Of particular importance in the phonological approach taken in these essays is the notion of oppositions. In his analysis of Iannis Xenakis's Diamorphoses, Thomas DeLio traces the work’s structure in terms of juxtaposition, transformation, and opposition of two contrasting frequency regions and two contrasting timbral evolutions. Over the course of the piece, these sonic materials are brought together and broken apart in order to articulate what amounts to one continuous, though ultimately dialectical, unfolding.
Thomas Licata, in his analysis of Luigi Nono's Ommagio a Emilio Vedova, takes an even more overtly phonological approach. In this analysis, the author views the essential structure of the work as being based in "a gradual movement from a high degree of contrast and opposition… leading toward, and set against, far greater degrees of compression and uniformity" in the latter part of the work.
Kristian Twombly’s chapter considers
Joji Yuasa’s The Sea
Darkens at once from the point of view of its phonological oppositional
structure and in terms of its temporal structure. Among the features
that project the work’s oppositional structure are noise versus
pitch, single words versus full readings of text, Japanese versus English.
As these oppositions unfold through the piece, they engender a dramatic
interplay of differentiation and synthesis.
No fewer than three of the essays cover an exquisite sampling of works emanating from the Cologne studio of the 1950s and early 1960s. Each of these essays seeks to understand the musical work in terms of the larger technological and theoretical frame in which it was conceived.
Konrad Boehmer’s essay focuses on a classic of electronische Musik, Michael Gottfried Koenig's Essay. Mr. Boehmer foregrounds the explicitly technological imperative which this and other Cologne studio compositions clearly articulated. He describes the dialectical nature in which studio technique reflected serial thinking, and vice verse. He writes: “Within the field of ‘electronic music,’ the subsequent mediation between various production techniques and the serial way of thinking led to results that would have otherwise been impossible to obtain through a mechanical serialization of orchestral instruments.” Further, Mr. Boehmer observes that for composers like Karlheinz Stockhausen and Mr. Koenig, the point of composing at the level of sound was not to generate “new sounds” per se, but to find a way to understand and articulate a generative relation between sound, as sound, and form. His chapter proceeds to a fairly detailed analysis of Essay, focusing on the unfolding dialectic of form and material as reflected in the score, and revealing the curious fact that the composer’s “score” to Essay itself constitutes at once a kind of self-analysis and a step-by-step instruction kit.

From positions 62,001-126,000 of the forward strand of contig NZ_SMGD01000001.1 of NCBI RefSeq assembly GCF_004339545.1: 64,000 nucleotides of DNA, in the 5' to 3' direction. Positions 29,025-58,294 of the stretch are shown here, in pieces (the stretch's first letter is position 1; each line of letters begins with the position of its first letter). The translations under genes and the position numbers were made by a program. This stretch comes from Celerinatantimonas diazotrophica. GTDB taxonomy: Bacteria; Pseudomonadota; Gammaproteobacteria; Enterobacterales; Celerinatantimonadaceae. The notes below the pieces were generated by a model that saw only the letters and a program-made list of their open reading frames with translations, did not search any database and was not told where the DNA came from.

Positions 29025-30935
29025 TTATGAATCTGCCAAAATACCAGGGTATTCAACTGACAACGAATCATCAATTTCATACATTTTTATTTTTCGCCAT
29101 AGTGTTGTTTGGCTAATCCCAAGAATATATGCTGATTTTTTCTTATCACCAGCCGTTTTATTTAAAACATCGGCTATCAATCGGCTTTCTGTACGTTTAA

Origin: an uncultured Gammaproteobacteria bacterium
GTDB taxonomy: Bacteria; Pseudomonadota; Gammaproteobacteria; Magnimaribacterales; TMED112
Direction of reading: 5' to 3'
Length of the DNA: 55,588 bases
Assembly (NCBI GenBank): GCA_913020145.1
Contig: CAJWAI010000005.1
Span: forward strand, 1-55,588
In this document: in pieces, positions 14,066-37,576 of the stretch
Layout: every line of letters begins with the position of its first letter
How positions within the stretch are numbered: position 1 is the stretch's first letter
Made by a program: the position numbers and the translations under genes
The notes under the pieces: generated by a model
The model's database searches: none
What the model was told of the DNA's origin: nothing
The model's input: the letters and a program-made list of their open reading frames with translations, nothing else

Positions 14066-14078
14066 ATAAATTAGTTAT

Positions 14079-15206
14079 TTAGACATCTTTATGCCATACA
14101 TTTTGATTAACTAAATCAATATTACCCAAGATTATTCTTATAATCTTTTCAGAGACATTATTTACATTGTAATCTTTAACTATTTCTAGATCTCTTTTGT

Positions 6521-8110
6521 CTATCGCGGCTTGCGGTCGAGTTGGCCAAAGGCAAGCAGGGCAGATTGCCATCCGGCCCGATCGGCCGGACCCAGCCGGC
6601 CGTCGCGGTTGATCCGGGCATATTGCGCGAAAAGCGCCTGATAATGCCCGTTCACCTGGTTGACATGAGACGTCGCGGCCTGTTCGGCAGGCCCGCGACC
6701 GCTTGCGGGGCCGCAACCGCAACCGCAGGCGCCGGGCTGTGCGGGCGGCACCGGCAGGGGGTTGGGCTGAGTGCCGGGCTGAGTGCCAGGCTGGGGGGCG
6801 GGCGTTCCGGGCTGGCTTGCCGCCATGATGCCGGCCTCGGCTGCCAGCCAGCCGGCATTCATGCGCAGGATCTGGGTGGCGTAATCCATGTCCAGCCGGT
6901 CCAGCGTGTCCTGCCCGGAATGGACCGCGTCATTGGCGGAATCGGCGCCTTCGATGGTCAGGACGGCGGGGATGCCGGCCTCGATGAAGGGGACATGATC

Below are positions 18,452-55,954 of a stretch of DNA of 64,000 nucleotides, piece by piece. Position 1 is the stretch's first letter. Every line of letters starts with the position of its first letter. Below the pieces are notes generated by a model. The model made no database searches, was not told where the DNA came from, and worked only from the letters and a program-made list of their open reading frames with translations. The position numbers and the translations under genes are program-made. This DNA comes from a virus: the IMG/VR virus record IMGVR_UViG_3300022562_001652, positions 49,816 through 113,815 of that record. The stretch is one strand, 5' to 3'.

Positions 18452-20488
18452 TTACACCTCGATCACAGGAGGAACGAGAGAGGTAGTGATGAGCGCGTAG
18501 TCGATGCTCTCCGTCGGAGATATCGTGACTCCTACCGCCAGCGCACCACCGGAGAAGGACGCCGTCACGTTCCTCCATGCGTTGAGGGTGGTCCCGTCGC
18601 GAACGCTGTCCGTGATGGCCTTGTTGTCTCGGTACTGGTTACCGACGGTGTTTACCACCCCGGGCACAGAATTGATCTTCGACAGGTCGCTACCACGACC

Jerome Kohl's chapter on Mr. Stockhausen's Telemusik takes a somewhat similar holistic approach. In his discussion, the author describes the composer’s notion of morphological schema through extensive excerpts from interviews and writings. In the foregoing analysis of the work, he describes its temporal structural as well as the synthesis and modulation techniques employed in the work’s execution. Throughout, the author continues to refer the reader to quotes and excerpts from the composer’s writings on matters ranging from extended serial thinking, to musical time, to studio technique. As Mr. Stockhausen has been as prolific a writer and commentator as he has been a composer, the extensive inclusion of those texts reinforces the composer’s own emphasis on the importance of the procedural dimension of creative activity.
In their chapter on Mr. Stockhausen’s Gesange der Jünglinge, Pascal Decroupet and Elena Ungeheuer tackle some of this composer’s most formidable music-technical formulations. Working from what must have been a considerable collection of the composer’s sketches, the authors provide remarkable insight into the composition-theoretical universe from which this piece emerged. Their coverage of the work’s details is as impressive as their contextualizing those details in relation to Mr. Stockhausen’s serial thinking as it had evolved to that point in time.